First base station 430 comprises. call control processor 432 and interconnection processor 434 which communicate with channel element 436 over proprietary interfaces 437. Also shown is mobile station 460 served by the first base station 430. In this embodiment, call control processor 432 is interconnected to SDU 420 via packet transport-based link 413 which is subject to the second interconnection protocol. Interconnection processor 434 is interconnected to SDU 420 via packet transport-based link 415 subject to the first interconnection protocol. Second base station 440 comprises call control processor 442 and interconnection processor 444 which are connected to channel element 446 via proprietary interface 447. Call control processor 442 is interconnected to SDU 420 via packet transport-based signaling link 417 while interconnection processor 444 is connected to the SDU via packet transport-based link 419. Signaling links 413 and 417 allow each base station to control SDU 420 as necessary for various processes including call handoff. Signaling links 415 and 419 enable the communication of coded data and associated signaling between each base station and the SDU on a call by call basis. Call control processor 432 and call control processor 442 can communicate directly via signaling link 405.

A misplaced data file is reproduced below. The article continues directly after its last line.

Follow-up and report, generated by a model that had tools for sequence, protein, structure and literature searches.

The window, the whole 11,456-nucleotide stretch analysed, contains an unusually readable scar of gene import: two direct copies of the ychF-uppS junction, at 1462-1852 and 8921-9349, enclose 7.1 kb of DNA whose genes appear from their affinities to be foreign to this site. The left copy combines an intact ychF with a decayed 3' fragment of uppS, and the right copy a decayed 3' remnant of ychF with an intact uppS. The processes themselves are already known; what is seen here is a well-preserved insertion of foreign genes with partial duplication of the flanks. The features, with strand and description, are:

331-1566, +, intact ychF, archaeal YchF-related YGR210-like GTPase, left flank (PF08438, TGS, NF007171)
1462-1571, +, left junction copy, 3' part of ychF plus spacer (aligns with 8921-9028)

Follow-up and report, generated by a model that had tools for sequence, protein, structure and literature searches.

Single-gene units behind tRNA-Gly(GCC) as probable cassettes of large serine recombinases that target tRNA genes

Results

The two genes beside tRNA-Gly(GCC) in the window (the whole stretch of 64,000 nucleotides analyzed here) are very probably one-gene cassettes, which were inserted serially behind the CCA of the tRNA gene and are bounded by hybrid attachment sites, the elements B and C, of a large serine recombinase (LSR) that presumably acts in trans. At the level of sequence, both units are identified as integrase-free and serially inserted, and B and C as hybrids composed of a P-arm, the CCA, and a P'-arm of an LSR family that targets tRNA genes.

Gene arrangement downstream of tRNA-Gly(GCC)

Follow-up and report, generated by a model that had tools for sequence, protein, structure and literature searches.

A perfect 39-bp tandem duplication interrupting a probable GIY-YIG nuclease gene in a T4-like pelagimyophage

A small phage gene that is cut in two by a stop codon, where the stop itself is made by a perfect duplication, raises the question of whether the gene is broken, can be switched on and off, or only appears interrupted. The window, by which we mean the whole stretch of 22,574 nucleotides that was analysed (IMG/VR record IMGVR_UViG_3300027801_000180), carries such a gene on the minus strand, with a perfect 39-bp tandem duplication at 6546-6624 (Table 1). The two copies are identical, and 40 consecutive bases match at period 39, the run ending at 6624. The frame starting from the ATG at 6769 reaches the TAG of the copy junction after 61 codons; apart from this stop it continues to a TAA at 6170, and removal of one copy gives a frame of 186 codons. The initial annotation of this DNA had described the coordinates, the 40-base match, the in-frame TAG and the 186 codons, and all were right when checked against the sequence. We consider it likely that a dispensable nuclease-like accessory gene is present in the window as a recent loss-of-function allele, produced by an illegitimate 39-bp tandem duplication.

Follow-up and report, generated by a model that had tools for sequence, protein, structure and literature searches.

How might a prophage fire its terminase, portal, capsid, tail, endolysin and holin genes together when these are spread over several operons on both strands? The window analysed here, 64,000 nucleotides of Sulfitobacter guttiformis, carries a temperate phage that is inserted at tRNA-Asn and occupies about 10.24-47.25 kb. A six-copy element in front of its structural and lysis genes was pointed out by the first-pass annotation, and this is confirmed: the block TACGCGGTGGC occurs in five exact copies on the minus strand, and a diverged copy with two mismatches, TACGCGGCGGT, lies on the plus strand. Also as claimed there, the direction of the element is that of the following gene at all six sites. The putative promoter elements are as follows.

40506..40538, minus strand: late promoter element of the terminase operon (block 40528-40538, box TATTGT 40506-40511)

The central, and independent location of interworking processor 410 and SDU 420 allows wireless service providers great flexibility in network configuration since the functionality associated with these two processes, can be accessed by a number of base stations. In other words, allocation of the interworking process and the SDU function on a per base station basis is not required. Although interworking processor 410 is shown in a central location, alternative embodiments may deploy the interworking processor in many other locations, such as a base station, MSC or within the SDU.
The above-described illustrative embodiments are presented to exemplify the network configuration flexibility enabled by the first and second packet interconnection protocols for communication between the MSC and base stations vi an SDU. Although the most common implementations of the present invention have been shown, those skilled in the art may devise numerous other arrangements using these packet transport protocols.